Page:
M.R. van Loenen (Mark)

Promovendus - Donders Centre for Cognitive Neuroimaging
Promovendus - Donders Institute for Brain, Cognition and Behaviour

M.R. van Loenen (Mark)

Kapittelweg 29


Postbus 9101

Werkdagen maandag, dinsdag, woensdag, donderdag, vrijdag

I am a PhD candidate within the MOCIA ('Maintaining Optimal Cognition In Ageing') consortium, and I am mainly interested in the brain mechanisms and brain functions at play in cognitive ageing, how brain mechanisms and functioning are ultimately affected by lifestyle pattern changes, and how we can utilize neuroimaging techniques to investigate these brain mechanisms and functioning in-vivo.

On average, humans are getting progressively older over the last century. However, population ageing brings significant challenges to our society. With increasing age, the prevalence of incurable neurodegenerative diseases, such as Alzheimer's Disease (AD) – the most common form of dementia – increases likewise. Importantly, risk factors for AD include obesity, hypertension, type-II diabetes and physical inactivity. It is very important to realise that these risk factors are modifiable by changes in lifestyle, and indeed, research shows protective effects of lifestyle factors on dementia risk. However, the process of neurodegeneration begins decades before the first cognitive or pathological symptoms become apparent, which highlights the need for an early intervention in addressing cognitive ageing.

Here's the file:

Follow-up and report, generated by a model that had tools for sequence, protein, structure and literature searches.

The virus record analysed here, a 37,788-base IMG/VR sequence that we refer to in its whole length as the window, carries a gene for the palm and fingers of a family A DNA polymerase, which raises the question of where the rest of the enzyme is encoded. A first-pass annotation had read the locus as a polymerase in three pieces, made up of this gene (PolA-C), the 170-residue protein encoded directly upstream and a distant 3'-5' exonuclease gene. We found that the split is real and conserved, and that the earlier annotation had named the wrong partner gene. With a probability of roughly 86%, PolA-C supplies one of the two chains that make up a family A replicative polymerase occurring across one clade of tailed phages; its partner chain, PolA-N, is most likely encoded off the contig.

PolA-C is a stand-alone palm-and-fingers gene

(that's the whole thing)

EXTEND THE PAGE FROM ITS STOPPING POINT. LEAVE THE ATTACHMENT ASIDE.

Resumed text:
In the HELI-study, we will be utilising a broad array of neuroimaging techniques and cognitive testing to:

1. Investigate the effect of a multidomain lifestyle intervention on brain activity during working memory, cerebral perfusion, and cognition
2. Uncover baseline predictors of the lifestyle intervention effects on these measures
3. Investigate individual differences in, and the effect of, adherence to the intervention on these measures

For my MSc thesis I used structural neuroimaging and neuropsychological test data to investigate the predictors and cognitive correlates of incident lacunes in cerebral small vessel disease (SVD) patients. Additionally, I wrote a review about our current understanding of the etiology and lesion fate of small subcortical infarctions in SVD.

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